San Francisco: Apple dodged a potentially deadly financial bullet on Thursday when US judges held steady on digital music royalties paid by iTunes online shop.
The Copyright Royalty Board rejected a push by music publishers to get a bigger bite of the money Apple charges for digitized songs at iTunes. The board also didn’t endorse a lowering of royalty rates backed by Apple.
Publishers will continue to get nine of the 99 cents iTunes charges per song. They had petitioned the board to raise their cut to 15 cents.
ITunes vice president Eddy Cue said in testimony to the board that raising prices to cover increased royalty fees would cause song sales to plummet and if Apple absorbs a fee hike it would probably operate at a loss.
“Apple has repeatedly made clear it is in the business to make money and most likely would not continue to operate iTunes store if it were no longer possible to do so profitably,” Cue said in court documents.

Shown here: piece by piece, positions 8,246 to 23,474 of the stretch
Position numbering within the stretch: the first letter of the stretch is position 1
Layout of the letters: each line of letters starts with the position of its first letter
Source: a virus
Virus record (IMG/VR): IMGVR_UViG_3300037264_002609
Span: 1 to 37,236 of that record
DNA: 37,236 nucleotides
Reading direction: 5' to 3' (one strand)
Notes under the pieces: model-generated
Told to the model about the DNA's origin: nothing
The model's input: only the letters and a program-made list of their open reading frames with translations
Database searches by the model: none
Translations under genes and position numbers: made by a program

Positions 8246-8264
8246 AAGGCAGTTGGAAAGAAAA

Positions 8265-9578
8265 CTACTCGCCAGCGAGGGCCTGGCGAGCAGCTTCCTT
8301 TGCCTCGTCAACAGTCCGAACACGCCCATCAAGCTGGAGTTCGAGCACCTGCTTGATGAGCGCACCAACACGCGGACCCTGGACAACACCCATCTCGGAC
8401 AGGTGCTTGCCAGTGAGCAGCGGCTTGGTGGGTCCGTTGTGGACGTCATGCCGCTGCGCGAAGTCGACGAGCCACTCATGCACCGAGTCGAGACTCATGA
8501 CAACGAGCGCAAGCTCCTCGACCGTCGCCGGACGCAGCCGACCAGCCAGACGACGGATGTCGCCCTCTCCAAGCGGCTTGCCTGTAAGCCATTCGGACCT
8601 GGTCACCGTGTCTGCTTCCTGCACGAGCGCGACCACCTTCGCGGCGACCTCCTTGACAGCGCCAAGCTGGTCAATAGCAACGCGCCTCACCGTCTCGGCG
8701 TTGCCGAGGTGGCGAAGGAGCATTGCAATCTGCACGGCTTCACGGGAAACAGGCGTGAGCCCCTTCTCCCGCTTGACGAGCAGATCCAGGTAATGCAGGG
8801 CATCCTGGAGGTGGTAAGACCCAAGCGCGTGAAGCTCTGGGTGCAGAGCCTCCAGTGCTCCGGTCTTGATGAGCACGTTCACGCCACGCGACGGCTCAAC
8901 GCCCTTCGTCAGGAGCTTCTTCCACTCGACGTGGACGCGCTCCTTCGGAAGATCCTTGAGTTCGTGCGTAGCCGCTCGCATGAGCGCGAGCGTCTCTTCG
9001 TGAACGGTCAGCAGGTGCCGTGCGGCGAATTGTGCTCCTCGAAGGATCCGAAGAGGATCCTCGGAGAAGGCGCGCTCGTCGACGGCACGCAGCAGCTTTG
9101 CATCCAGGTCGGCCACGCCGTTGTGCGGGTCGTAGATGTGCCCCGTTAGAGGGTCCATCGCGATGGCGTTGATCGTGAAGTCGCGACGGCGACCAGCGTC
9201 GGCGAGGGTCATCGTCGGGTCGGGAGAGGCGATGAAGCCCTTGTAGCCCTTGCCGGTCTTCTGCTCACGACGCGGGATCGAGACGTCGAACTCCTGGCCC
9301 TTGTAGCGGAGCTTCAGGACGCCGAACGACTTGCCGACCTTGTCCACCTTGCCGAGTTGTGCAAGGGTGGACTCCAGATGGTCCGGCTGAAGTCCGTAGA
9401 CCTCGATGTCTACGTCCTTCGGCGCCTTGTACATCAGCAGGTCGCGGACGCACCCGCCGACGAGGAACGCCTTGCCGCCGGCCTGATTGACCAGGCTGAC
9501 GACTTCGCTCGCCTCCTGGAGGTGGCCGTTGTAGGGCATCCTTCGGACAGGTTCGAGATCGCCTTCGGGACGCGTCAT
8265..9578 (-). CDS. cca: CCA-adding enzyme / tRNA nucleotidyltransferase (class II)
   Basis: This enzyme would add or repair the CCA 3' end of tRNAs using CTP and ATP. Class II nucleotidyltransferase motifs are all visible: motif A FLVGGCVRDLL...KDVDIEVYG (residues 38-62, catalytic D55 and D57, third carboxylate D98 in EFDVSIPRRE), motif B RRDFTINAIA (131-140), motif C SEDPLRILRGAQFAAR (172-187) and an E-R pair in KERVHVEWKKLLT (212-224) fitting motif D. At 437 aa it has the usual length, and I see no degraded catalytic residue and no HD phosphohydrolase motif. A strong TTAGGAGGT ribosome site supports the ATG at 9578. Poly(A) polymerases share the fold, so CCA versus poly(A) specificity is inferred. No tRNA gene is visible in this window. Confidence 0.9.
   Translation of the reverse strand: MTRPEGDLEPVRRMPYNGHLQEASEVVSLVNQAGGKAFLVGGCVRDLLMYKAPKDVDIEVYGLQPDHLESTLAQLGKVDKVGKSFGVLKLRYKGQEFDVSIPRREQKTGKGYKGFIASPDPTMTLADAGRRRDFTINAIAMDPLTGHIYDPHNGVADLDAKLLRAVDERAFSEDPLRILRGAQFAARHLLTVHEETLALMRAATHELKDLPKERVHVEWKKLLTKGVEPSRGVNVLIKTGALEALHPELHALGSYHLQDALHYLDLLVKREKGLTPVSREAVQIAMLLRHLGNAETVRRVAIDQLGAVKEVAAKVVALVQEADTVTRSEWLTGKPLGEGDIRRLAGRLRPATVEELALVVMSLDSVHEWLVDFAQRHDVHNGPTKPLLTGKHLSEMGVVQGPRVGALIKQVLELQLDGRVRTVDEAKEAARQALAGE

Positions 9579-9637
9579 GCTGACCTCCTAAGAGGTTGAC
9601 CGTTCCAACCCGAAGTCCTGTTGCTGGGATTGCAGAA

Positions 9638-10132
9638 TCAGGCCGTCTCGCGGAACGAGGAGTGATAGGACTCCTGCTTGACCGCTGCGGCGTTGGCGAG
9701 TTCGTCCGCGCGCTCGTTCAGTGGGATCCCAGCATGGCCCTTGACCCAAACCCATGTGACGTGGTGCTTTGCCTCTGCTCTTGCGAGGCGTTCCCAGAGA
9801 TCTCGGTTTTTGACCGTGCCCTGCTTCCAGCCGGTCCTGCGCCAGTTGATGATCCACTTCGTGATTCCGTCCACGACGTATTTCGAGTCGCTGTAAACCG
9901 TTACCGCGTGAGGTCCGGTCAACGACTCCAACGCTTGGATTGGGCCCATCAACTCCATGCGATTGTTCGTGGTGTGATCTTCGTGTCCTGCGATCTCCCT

ITunes song sales topped five billion in June and the northern California firm’s iconic chief executive Steve Jobs touts the online shop as the biggest music store in the United States.
The iTunes catalogue lists more than eight million songs.
Apple is fighting for a slight reduction in the royalty fee, saying that competition and piracy threats call for ongoing spending on research and technology.